Nomura Securities has spent the last six months hiring more than 40 new officials for its fixed-income division, yet it says its work has just begun. Word on the Street last week was that the company was interviewing several members of the Prudential Securities MBS and ABS teams, just days after the public announcement that Pru was exiting the institutional bond business.

"We are talking with a series of individuals and groups including some people with Prudential," said P.J. Johnson, spokesman for Nomura. "If and when we make any decisions we will announce promptly as is our practice."

But in addition to the Pru hires, expect the firm to hire close to 40 more fixed-income professionals in the next few months, many before the New Year, sources say.

The past few weeks have seen Nomura's New York offices more resemble a Hollywood casting call than a securities firm, as inside sources said every available conference room has been turned into an impromptu interview center. This week the firm's co-heads of capital markets based in London and Tokyo will be in New York to assist with the interviewing process. Nomura, set on establishing a competitive fixed-income division, is ready to sign as many as 30 to 40 more officials.

Nomura is looking to hire across the fixed-income spectrum, looking for asset-backed, mortgage-backed and commercial mortgage-backed officials as well as derivatives traders and salesmen. The company also has an ambition to build up a corporate bond desk, either by cherry picking a variety of Street shops or by wholesale poaching of an entire division from a rival bank.

Nomura benefits from great timing for its hunt, as the recent proposed mergers between Credit Suisse First Boston/Donaldson, Lufkin & Jenrette and Chase Manhattan/J.P. Morgan have made many capital markets officials wary about their futures and much more receptive to a change of address. Already, Nomura has made serious incursions into DLJ, nabbing the heart of its repossessed loan desk in early October and recently hiring DLJ's John Kistler to be managing director in MBS and structured product sales. Last week Nomura raided CSFB for Managing Director Joseph McHale and hit UBS Warburg acquiree PaineWebber for ABS structurer Robert Catarella.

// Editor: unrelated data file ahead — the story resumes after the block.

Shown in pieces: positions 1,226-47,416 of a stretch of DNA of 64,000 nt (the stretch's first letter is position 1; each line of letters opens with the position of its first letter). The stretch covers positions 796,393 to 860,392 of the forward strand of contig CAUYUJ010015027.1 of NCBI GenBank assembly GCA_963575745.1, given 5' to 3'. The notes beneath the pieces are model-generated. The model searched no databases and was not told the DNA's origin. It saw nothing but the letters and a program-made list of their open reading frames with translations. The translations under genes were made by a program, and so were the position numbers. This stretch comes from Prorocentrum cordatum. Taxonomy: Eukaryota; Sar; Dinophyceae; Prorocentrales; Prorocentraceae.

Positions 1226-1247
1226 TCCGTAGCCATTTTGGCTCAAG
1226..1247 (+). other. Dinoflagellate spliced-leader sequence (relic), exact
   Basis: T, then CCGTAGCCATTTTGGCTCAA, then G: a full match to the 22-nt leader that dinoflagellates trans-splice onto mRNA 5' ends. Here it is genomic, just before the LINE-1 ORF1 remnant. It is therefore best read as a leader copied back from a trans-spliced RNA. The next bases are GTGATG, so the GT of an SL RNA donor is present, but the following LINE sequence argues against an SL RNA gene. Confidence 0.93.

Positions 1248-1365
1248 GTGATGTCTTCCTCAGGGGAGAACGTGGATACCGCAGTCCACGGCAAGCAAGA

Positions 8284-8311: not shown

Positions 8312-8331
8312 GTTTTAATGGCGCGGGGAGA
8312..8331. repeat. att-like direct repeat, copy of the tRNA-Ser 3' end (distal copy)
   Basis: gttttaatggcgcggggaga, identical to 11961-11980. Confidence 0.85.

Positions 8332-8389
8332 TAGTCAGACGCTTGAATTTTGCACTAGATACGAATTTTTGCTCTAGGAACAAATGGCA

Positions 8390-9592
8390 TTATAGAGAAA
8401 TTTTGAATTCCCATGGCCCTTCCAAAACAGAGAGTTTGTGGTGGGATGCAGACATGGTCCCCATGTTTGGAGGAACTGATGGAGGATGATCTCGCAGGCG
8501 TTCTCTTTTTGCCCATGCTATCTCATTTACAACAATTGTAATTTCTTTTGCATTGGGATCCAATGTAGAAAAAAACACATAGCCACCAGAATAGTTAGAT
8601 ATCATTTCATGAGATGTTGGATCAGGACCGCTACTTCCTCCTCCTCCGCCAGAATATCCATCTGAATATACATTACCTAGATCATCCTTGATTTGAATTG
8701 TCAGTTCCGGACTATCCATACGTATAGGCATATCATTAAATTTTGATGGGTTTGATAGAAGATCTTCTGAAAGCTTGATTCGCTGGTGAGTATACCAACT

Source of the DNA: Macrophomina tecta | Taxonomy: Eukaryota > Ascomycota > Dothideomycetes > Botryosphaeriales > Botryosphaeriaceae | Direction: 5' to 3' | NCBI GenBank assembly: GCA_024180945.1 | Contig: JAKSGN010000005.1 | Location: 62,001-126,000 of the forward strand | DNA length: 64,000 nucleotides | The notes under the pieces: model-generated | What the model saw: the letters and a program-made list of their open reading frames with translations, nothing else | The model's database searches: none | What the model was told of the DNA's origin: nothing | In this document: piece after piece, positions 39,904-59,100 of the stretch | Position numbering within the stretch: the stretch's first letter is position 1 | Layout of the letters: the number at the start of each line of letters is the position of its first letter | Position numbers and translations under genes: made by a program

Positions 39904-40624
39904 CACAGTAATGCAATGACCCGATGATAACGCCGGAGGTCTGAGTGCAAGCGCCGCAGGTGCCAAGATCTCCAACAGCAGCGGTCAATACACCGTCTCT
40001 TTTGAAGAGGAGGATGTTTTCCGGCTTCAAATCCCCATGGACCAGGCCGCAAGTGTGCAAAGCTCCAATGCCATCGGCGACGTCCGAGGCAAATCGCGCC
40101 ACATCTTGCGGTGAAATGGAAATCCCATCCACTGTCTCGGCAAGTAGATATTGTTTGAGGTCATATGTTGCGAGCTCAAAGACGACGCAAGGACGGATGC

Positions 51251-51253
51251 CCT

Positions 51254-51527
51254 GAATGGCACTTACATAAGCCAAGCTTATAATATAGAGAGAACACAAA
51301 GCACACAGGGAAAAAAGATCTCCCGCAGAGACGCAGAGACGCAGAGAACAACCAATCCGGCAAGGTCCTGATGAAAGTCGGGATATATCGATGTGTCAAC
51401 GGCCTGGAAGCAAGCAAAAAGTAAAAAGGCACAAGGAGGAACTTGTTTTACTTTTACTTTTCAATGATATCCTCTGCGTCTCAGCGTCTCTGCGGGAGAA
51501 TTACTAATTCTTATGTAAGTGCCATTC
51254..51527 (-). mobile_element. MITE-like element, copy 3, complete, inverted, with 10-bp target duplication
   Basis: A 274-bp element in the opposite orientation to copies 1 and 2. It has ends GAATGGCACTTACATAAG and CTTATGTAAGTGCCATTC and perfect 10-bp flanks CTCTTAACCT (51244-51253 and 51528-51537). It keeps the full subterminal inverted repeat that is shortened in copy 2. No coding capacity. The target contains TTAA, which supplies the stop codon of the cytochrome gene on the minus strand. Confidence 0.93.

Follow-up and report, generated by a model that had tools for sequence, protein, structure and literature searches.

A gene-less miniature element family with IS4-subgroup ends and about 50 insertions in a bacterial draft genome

"We're looking for a whole capital markets team," said Alex Noujaim, who serves as executive managing director and head of fixed income for Nomura. Nomura recently engaged an executive recruiter to help further improve its employee search, hoping to take advantage of the restless Street labor market.

There's money to spare as well, as Nomura's parent company put about $550 million at the end of 1999 into its U.S. holding company, Nomura Holding America Inc., to strengthen its global capital markets businesses and build a derivatives subsidiary.

"It's a good time to be looking," Noujaim said. Nomura wants to fill all aspects of its structured finance businesses, looking for pros for high-yield collateralized mortgage obligation products, debt sales and trading--with an emphasis on Street veterans with derivatives experience.

Potential, Not Track Record

Nomura is wooing potential hires based on its projections for the future, not its present status in fixed income. After all, a glance at the nine-month league tables for 2000 has Nomura AWOL in most categories, not cracking the top 15 underwriters in such areas as mortgage-backeds, asset-backeds or corporate debt, and appearing only on the margins of such markets as long-term agency eurobonds or international convertibles. Nomura officials hope that importing a boatload of top-grade pros will change that situation in short order.

While some market rivals still consider Nomura to be damaged goods because of its well-publicized woes in the late 1990s that culminated in the collapse of its commercial mortgage spinoff, that perception seems to be altering among the Street rank and file. One veteran mortgage analyst said that simply because Nomura is hiring at a time when most major Street shops are not gives it instant cachet on the Street.

The company is not just looking for veteran talent. Nomura has begun seeking out new blood from business schools, conducting 12 campus visits in recent months, and setting up a training program to groom young officials.

And Nomura's aspirations are not confined merely to fixed income. Nomura is now planning to make an investment in a technology company to develop e-commerce solutions software for many of its global businesses.

The hiring binge began this March, when Nomura lured Goldman and Morgan Stanley veteran Noujaim away from FN Capital, a Rye, N.Y.-based hedge fund he founded, and gave him a mandate to rebuild the shop. Among the first major hires was Josh Edelson, who was poached from DLJ where he was head of high-grade sales. Edelson is now national sales director for Nomura.

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